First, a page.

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Competitive authoritarianism: examining satisfaction with democracy and perception of voting efficacy in Turkey

Smith, Caroline (2018) Competitive authoritarianism: examining satisfaction with democracy and perception of voting efficacy in Turkey. Undergraduate Thesis, University of Pittsburgh. (Unpublished)

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Since the turn of the century, scholars have noticed a worrying trend of democratic
backsliding. Countries around the world are becoming more authoritarian with public support,
which is manifesting itself in the proliferation of hybrid regimes. This study focuses on one type
of hybrid regime – competitive authoritarianism – which maintains semi-democratic elections that
are unfair and unfree. To better understand who votes for authoritarian leaders and why, I examine
Turkey, which has been a competitive authoritarian regime since 2014. Using survey data, this
paper looks at how people’s perception of democracy and voting efficacy changed between 2011
and 2015. I find that satisfaction with democracy decreased, perceptions of voting efficacy
increased, and more religious individuals were more dissatisfied with democracy than their less
religious counterparts. To explain these findings, I examine the effects of patronage politics,
security concerns, religious cleavages, and a struggling economy in fostering popular support for
Erdoğan’s regime. I conclude by briefly comparing Turkey with Russia, which also transitioned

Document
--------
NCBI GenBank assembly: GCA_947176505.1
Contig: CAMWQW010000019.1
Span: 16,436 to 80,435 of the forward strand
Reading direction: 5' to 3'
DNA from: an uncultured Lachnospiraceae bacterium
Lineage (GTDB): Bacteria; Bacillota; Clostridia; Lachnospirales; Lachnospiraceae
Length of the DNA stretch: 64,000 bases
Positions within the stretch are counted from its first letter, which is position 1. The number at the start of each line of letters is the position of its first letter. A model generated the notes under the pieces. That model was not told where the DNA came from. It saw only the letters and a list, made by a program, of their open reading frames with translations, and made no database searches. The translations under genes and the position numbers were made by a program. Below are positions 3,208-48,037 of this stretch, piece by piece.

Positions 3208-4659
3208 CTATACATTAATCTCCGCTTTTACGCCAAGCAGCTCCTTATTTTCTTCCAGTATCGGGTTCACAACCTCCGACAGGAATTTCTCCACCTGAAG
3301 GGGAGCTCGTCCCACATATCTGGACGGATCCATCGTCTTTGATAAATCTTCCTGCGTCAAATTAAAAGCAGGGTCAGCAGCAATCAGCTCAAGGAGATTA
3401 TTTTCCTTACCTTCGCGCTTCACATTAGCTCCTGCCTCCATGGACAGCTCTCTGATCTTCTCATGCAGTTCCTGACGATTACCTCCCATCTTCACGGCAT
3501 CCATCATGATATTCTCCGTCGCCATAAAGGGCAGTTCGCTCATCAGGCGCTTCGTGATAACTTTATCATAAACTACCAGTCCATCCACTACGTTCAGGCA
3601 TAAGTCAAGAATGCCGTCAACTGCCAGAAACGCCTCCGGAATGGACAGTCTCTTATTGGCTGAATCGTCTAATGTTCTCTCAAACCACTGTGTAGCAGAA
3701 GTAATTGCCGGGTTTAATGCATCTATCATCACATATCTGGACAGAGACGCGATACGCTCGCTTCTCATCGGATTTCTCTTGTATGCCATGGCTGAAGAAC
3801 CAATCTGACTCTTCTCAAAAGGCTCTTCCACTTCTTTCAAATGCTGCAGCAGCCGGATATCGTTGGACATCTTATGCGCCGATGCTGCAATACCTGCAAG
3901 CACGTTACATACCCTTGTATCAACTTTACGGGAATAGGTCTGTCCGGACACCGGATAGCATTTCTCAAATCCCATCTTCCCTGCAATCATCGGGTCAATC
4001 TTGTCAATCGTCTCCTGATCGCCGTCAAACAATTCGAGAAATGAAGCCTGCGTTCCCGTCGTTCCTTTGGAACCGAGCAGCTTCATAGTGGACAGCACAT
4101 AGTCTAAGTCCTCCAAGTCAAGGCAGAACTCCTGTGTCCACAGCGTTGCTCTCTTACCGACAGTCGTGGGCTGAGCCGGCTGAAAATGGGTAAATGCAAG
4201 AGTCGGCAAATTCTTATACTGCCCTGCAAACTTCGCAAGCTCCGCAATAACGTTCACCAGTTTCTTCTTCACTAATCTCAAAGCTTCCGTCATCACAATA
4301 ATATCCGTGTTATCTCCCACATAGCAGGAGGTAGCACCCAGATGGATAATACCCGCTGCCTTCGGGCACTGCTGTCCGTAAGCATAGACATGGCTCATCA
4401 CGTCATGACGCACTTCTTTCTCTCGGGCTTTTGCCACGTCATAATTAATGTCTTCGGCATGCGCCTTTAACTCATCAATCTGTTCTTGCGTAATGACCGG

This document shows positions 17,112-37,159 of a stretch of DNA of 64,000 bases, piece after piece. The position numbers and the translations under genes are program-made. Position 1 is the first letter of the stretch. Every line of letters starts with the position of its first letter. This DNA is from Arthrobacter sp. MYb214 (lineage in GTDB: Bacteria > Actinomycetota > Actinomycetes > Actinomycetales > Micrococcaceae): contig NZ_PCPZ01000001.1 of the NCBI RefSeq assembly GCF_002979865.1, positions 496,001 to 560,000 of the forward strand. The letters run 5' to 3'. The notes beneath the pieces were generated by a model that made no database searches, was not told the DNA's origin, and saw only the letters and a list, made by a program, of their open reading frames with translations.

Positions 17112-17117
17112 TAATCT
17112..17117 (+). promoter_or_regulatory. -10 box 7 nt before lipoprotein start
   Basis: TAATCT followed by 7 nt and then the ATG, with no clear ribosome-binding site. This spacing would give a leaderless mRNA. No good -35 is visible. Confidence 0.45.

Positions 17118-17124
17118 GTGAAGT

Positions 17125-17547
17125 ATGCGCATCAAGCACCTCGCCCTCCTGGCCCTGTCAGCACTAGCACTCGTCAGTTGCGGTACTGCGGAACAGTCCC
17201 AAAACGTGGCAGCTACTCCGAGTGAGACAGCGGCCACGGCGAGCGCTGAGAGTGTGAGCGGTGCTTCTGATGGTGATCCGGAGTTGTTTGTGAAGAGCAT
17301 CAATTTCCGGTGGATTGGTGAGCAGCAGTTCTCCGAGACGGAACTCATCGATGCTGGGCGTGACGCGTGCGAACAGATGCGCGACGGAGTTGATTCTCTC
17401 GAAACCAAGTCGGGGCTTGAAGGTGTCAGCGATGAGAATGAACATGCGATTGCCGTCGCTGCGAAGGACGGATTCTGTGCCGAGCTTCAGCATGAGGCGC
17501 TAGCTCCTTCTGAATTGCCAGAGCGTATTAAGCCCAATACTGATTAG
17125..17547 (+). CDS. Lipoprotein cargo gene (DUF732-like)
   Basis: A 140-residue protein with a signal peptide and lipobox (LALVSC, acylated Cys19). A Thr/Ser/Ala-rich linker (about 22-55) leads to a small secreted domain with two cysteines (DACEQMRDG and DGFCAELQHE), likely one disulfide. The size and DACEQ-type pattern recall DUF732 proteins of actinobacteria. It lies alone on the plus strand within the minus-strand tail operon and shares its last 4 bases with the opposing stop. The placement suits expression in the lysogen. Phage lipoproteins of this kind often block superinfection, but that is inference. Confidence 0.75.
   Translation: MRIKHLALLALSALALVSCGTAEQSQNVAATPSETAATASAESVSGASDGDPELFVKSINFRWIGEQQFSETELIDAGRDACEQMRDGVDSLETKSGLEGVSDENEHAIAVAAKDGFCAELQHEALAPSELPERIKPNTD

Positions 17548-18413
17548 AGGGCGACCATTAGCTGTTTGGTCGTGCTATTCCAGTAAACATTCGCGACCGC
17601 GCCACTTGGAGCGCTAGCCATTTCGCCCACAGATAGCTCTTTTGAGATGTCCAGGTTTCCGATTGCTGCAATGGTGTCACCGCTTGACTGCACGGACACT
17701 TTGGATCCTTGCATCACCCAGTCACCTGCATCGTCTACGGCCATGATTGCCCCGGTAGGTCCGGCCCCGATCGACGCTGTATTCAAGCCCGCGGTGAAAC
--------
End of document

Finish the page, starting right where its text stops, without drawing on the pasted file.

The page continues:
from a relatively democratic country to an authoritarian one. These results and comparison have
important consequences for the future of democracy. High voting efficacy in undemocratic
countries could prevent individuals from demanding a more transparent, responsive democracy
and allow authoritarianism to thrive.


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Item Type: University of Pittsburgh ETD
Status: Unpublished
CreatorsEmailPitt UsernameORCID
Smith, Carolinecas308@pitt.educas3080000-0001-8787-2204
ETD Committee:
TitleMemberEmail AddressPitt UsernameORCID
Thesis AdvisorMoss,
Committee CoChairHays,
Committee MemberHarrison,
Committee MemberGumuscu,
Date: 18 December 2018
Date Type: Publication
Defense Date: 12 November 2018
Approval Date: 18 December 2018
Submission Date: 4 December 2018
Access Restriction: No restriction; Release the ETD for access worldwide immediately.
Number of Pages: 83
Institution: University of Pittsburgh
Schools and Programs: David C. Frederick Honors College
Degree: BPhil - Bachelor of Philosophy
Thesis Type: Undergraduate Thesis
Refereed: Yes
Uncontrolled Keywords: democracy, regime transition, AKP, Erdogan
Date Deposited: 18 Dec 2018 19:29
Last Modified: 18 Dec 2018 19:29


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